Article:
European Parliamentarian Sophie in 't Veld has called on French politician Pierre Moscovici to ensure that the European Commission for Economic and Financial Affairs – which he heads up – “starts taking [the problems that Accidental Americans are facing in Europe because of FATCA] seriously,” and “stops hiding behind excuses."
In 't Veld's letter is the latest in a series of communications, announcements and reports of meetings that have been reported since last year in response to growing pressure from European citizens who happen also to have American citizenship, and who are finding this increasingly burdensome as they attempt to obtain bank accounts and invest in property and investments.
In her April 5 letter, in 't Veld, who is from the Netherlands, calls attention to the fact that the European Parliament last July passed by a large majority a resolution in which the “adverse effects of…FATCA on EU citizens and in particular ‘accidental Americans” had been formally recognized by the body.
As reported, the vote was 470 to 43, with 26 abstentions.
And yet, “almost nine months later, Accidental Americans still see their fundamental rights, as laid down in the Charter of Fundamental Rights, being violated,” in 't Veld tells Moscovici in her letter.
“In its reply to the petition on this topic, the [European] Commission states that it has received no mandate to negotiate an agreement on behalf of all Member States, nor any signal yet from the [European] Council that it might consider attributing a formal role to the Commission in approaching the United States about FATCA.
“With these words, it has become painfully obvious that the Commission still does not decide to protect the rights of EU citizens,” in ‘t Veld adds.
She then asks why the Commission had failed to take responsibility for the “ongoing problems that the extraterritorial application of FATCA” is posing for EU citizens, and asks Moscovici, on behalf of the Commission, to provide “an overview of the contact it has had with the member states on this matter.”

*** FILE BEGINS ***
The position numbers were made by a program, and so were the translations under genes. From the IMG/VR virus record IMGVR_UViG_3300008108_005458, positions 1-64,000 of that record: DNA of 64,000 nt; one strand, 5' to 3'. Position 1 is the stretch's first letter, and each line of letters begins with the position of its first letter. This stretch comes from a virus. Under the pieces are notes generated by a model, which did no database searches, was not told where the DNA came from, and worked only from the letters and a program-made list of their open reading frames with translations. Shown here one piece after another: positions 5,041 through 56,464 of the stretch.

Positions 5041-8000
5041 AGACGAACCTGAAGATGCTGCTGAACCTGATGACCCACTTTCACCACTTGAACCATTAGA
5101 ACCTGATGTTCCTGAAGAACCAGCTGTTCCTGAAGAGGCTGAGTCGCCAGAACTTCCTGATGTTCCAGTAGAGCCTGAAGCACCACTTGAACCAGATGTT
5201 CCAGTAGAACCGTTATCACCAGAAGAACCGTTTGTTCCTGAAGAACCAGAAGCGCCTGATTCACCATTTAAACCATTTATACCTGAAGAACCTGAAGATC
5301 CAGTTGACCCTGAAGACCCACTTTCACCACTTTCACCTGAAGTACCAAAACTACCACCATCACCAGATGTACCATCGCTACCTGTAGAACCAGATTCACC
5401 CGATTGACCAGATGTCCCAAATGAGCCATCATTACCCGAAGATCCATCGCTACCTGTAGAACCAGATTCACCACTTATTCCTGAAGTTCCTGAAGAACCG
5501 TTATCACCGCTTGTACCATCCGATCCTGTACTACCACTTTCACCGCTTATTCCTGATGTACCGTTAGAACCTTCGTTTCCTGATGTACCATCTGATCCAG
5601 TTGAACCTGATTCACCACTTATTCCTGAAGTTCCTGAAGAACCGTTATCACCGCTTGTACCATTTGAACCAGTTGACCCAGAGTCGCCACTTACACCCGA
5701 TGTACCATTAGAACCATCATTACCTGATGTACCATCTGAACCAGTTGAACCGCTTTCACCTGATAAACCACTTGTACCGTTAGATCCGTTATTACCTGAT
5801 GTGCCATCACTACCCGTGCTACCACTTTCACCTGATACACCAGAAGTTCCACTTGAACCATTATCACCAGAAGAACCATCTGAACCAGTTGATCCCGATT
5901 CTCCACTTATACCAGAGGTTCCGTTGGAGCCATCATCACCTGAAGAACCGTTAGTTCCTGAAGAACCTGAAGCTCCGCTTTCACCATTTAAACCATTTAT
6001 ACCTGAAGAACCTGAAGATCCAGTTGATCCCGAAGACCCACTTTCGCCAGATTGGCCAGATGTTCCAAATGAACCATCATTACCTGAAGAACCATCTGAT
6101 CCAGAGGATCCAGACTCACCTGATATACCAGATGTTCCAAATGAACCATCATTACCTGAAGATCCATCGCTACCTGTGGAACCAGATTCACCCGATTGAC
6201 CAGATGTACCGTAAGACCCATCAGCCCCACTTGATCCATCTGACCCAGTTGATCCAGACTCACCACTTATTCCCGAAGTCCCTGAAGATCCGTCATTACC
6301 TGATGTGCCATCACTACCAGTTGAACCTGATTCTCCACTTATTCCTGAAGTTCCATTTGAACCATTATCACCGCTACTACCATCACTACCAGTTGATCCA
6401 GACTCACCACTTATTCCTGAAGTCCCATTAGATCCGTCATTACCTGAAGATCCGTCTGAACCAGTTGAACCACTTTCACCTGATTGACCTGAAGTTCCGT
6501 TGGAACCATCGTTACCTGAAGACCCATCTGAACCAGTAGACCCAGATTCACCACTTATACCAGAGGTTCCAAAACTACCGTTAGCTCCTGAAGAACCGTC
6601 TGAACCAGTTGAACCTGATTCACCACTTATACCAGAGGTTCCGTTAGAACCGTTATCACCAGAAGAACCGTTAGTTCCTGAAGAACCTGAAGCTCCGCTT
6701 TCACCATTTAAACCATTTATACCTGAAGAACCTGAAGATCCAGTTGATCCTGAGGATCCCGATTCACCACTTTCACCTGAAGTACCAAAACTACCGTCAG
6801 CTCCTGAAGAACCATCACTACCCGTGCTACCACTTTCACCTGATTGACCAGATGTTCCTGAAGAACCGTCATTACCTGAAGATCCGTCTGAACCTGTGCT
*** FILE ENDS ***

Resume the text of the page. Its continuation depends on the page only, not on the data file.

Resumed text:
In 't Veld then goes on to cite a couple of developments having to do with the matter that have taken place recently, including contact between the Dutch Ministry of Finance and the U.S. authorities regarding FATCA “and the procedure to give up U.S. nationality”; and a recent formal request for by the European Banking Federation that the U.S. Treasury do something to make it easier for European banks to avoid falling foul of FATCA’s requirements, when accommodating “accidental American” clients in Europe.
A spokesperson for in 't Veld said there has been no reply to her letter yet from Moscovici, and that any reply might take “some time”.
A copy of in 't Veld's letter may be seen in a tweet dated the same day as her letter, in which she calls on "@EU_Commission" to "provide a support desk for #FATCA victims."
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